No more than a decade ago, the North Hemisphere’s Muslims used to observe the holy month of Ramadan fasting in bearable weather conditions, and this was the case for nearly three entire decades, from 1987 onward.
So the majority of the world’s 1.8 billion Muslims and most of the regions that lie in the North Hemisphere used to welcome a wintry Ramadan.
However, in the 21st century, Ramadan has fallen in the hottest months of the year, June, July, August. This year Ramadan, for instance, will be observed from May to June.
Is there a reason for this switching? Why Ramadan in spring this year?
Since 2006-2007, Ramadan, the 9th month of the Hijri calendar, has begun to coincide with the summer of the North Hemisphere since Muslims use the Hijri calendar for dating religious events and determining the proper days of religious rituals.
The holy month started to overlap with “June Solstice”; an astronomical event which takes place annually to mark the peak of the South Hemisphere’s winter, and the peak of the summer season in the North Hemisphere.
The Hijri calendar is one of the lunar calendars, meaning that it depends on the Moon phases for timekeeping. So normally, its date calculations would be different from other systems of calendars like the solar calendars and lunisolar calendars which depend on other methods of calculations.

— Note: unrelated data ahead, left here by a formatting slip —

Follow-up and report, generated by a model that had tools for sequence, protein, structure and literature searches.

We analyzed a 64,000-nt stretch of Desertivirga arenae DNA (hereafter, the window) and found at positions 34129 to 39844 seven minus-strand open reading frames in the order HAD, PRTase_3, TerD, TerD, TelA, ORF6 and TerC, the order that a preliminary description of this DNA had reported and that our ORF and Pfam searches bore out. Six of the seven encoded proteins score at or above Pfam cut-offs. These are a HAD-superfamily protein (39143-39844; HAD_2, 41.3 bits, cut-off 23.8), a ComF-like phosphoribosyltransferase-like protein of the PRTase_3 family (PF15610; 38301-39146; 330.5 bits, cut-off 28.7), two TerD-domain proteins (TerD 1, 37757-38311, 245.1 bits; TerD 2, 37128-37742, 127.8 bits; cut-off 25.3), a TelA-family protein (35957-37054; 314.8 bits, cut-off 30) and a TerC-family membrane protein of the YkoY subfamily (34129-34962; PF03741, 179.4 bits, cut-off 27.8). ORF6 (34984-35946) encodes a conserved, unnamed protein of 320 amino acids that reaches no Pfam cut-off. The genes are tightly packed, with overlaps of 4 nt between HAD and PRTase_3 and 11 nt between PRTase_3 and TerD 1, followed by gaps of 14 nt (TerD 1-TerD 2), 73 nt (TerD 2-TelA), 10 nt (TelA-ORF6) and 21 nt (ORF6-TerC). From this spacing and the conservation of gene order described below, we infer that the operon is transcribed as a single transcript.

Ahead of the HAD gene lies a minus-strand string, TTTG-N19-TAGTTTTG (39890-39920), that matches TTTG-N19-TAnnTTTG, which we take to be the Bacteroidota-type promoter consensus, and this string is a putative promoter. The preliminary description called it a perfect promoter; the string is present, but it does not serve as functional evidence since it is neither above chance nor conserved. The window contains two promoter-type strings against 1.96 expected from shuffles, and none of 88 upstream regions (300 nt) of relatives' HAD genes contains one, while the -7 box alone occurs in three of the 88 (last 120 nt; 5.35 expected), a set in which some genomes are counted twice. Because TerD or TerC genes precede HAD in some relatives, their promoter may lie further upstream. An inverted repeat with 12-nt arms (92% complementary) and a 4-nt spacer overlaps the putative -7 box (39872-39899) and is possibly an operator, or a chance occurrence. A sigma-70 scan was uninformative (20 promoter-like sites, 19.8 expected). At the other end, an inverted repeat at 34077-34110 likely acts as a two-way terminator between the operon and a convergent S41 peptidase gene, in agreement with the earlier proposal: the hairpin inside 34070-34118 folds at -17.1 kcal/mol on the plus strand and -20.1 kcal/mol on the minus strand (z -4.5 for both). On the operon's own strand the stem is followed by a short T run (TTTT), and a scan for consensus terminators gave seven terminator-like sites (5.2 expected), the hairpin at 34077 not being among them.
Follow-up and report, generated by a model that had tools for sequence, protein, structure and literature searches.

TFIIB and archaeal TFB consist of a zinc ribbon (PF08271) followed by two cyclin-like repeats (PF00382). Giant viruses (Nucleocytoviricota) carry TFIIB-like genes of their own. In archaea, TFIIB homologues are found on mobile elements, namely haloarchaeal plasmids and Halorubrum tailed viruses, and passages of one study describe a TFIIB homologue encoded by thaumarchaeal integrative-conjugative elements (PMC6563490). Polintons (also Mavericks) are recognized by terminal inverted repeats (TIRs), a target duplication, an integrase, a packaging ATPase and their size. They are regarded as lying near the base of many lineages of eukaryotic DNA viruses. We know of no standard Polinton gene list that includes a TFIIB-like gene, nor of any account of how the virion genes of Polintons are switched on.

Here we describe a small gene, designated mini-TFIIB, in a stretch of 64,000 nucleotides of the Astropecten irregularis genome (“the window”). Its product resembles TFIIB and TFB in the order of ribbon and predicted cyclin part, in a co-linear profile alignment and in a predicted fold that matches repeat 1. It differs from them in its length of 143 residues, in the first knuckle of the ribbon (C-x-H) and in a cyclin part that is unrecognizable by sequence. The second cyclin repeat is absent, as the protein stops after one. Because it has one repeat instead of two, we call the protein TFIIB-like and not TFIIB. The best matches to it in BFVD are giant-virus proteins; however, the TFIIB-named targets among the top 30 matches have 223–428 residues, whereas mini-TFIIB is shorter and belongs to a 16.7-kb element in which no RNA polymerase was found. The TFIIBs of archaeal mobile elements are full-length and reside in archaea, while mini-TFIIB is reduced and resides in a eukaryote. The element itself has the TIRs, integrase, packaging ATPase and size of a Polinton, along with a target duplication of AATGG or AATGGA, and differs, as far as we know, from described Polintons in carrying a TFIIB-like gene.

Shorter with Reverse Rotation
Because the Hijri calendar is between 10 and 12 days shorter than the Gregorian calendar which is used as an international civil year, the Hijri year begins 10 to 12 days earlier every Gregorian year.
Once every 33 or 34 Hijri years, – 32 or 33 Gregorian years – the beginning of the 1st month, Muharram, coincides with one of the first ten days of January.
The Hijri year moves backward from December to January passing through the entire Gregorian calendar.
Accordingly, the Hijri year of 1429 occurred entirely within the year of 2008. Such coincidences occur once every 33 or 34 Hijri year, as mentioned above.
Furthermore, since the weather seasons on Earth depend on the Sun and its apparent position, but not the Moon. And since the Gregorian year is a Solar calendar that depends on the Sun for its date calculations, so we always find June marking the Summer Solstice.
This means that June and Ramadan overlap with each other every 32 to 34 years. Based on this, Ramadan will return to coincide with the summer of the South Hemisphere in nearly 2024.